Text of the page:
Marhaba talks to Duncan Capp, the Fine Art Director at Gulf Warehousing Company (GWC) Logistics, about the logistics behind the new 32-foot tall ‘Small Lie’ art instalment at HIA.
Hamad International Airport (HIA) revealed a new art instalment ‘Small Lie’ by American artist KAWS on 7 March 2018. Delivered as part of Qatar Museums’ (QM) commitment to make art available to all beyond the confines of a gallery, ‘Small Lie’ is the latest addition to the airport’s fine art collection of more than 20 permanent pieces created by local and international artists. Reminicent of a wooden marionette, the sculpture is made from Afrormosia wood, weighing in at 15 tonnes and standing 32 ft tall.
How did GWC Logistics get involved in the ‘Small Lie’ project?
We first heard about this exciting project in the spring of last year. We were approached to assist with the installation due to our previous experience and local resources, we have a number of highly skilled art technicians who have installed similar artworks on multiple occasions in the past.
The sculpture comes in 11 pieces and was shipped in sea freight containers from Europe. The shipping was arranged by the artist’s representatives and once the shipment arrived at the port in Doha, it then became GWC’s responsibility.
I have been researching his artwork as a result of our involvement in this project. When we work on an art exhibition we research the artist to understand the installations requirements. Some installations can be quite complex whilst others are very straight forward. Our technical team always research the artist to understand the theory behind his artwork. This helps them find solutions to some of the installation requirements.
How long did it take to install the sculpture?
The installation of the artwork took five days, but there were a lot of preparatory work that took place before we unpacked the works. A 13 metre high electronic gantry system was fabricated to assist us handle each of the very large components. Our clients advised us exactly where we should position the feet and we began to secure the feet to the floor of the airport. From a health and safety point of view the airport authorities requested that we should secure the sculpture in some way, so we drilled into the airport floor and secured the sculpture accordingly. Once the position of the sculpture had been agreed, we installed both feet, then the legs, shortly followed by the body. Once we attached the hand to the right arm we were nearly there. One of the smaller member of our installation team had to climb inside the body of the sculpture to secure the right arm and the head. The last thing that was attached was the left arm which completed what I’m sure you will agree, is a spectacular art installation.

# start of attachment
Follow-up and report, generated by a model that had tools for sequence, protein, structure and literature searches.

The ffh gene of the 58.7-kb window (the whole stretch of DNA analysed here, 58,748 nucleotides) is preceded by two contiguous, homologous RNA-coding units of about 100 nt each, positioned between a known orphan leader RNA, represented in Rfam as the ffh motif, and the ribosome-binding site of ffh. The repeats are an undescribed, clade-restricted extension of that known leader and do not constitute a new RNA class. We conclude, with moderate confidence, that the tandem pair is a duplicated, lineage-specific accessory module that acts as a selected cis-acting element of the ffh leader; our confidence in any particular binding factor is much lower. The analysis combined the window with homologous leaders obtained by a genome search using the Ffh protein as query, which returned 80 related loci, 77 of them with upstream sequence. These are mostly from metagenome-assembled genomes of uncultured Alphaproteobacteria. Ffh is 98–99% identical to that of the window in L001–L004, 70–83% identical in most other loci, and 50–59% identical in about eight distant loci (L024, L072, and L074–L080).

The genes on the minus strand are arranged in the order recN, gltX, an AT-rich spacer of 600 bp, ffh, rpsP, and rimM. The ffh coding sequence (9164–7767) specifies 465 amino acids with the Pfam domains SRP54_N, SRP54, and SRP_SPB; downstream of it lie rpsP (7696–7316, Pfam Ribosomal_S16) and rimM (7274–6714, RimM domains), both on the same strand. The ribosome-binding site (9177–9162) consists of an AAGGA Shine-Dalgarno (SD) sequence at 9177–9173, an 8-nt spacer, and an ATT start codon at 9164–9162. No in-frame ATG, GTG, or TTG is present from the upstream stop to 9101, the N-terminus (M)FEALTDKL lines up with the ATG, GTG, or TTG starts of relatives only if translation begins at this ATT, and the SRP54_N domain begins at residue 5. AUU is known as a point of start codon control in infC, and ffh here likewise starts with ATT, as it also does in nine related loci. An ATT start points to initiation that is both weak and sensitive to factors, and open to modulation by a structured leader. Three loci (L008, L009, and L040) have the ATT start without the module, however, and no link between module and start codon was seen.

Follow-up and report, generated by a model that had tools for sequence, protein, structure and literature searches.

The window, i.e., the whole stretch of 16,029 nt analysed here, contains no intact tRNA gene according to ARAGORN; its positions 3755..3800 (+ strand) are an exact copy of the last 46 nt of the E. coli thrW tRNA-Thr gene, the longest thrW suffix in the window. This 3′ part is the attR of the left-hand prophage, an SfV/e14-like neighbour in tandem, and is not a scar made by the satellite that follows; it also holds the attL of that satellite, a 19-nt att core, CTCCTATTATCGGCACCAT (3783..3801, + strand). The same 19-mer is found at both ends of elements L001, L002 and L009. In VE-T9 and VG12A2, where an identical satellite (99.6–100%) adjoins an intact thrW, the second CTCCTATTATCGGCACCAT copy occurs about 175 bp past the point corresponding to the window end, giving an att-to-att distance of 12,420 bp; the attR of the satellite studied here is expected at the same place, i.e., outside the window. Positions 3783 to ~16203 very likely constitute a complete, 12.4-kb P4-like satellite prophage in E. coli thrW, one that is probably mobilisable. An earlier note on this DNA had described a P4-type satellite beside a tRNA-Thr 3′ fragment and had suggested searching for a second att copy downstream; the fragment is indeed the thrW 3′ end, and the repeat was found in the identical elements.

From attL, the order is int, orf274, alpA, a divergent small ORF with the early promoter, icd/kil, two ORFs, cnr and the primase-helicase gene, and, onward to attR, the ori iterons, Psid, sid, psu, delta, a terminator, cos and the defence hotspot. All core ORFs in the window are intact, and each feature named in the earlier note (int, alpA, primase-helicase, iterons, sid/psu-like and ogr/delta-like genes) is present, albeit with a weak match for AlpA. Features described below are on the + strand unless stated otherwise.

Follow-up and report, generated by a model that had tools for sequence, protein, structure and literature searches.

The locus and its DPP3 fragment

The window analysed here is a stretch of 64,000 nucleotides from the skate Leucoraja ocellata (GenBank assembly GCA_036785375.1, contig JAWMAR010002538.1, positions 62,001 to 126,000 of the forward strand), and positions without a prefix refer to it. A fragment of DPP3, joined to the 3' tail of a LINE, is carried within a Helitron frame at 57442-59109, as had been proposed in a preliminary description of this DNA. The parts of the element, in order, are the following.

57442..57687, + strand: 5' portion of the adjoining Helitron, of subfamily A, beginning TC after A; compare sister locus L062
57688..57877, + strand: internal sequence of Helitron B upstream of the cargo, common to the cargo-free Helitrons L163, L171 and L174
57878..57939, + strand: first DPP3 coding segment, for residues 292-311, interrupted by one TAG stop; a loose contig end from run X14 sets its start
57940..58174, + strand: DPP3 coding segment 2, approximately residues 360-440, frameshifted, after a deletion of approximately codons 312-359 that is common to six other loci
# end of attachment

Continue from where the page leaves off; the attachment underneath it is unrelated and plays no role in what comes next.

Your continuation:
Our technical team had previously installed this artwork twice in the UK. Once in Yorkshire Sculpture Park and also at the Freize Art Fair in Regent’s Park. On both occasions the installation took place outside, meaning there was plenty of room to operate the standard equipment used for these large scale art installations. The different challenge with this one, was that it was to be carried out in a very confined space. When installing in an outside area you can use a crane, so there would be lots more versatility. This particular job was a little bit more tricky because of lack of space.
How many people from GWC Logistics team worked on the instalment?
Tell us more about the alterations that needed to be made to some parts of the airport to instal the sculpture.
Due to the size of each of the crates, it was not possible to enter the airport terminal in the usual way. HIA arranged for a substantial part of the façade to be removed in order to get the crates into the building and a scaffolding company were required to fabricate a scaffolding platform outside. Each individual crate was craned from one of GWC’s flatbed trucks to the temporary scaffold platform which was adjacent to the airport terminal. There was a special trolley fabricated to manoeuver each individual crate from the platform to a dedicated holding area inside the airport terminal, we also used this equipment to transfer from the holding area into the installation area.
Have you done other art instalments at HIA?
We’ve worked on similar projects at HIA. Most recently, we installed a large painting in the First Class lounge. But the Small Lie sculpture was a lot bigger and certainly more challenging.
Do you face any difficulties with customs or airport security?
Customs clearance is something we carry out on a daily basis. We have a fantastic relationship with Qatari customs and with their assistance it was as smooth a process as always. In regards to security, there was lots of planning involved, and with the help of the airport authorities and our colleagues at HIA’s engineering consultancy firm Parsons, everything ran smoothly as well.
Watch this space for some more art installations in the airport. The plan from QM’s and HIA’s point of view is for the airport to be an art gallery in itself.
Learn more on ‘Small Lie’ and KAWS, read ‘An Admirable Lie at Hamad International Airport’!
Author: Ola Diab
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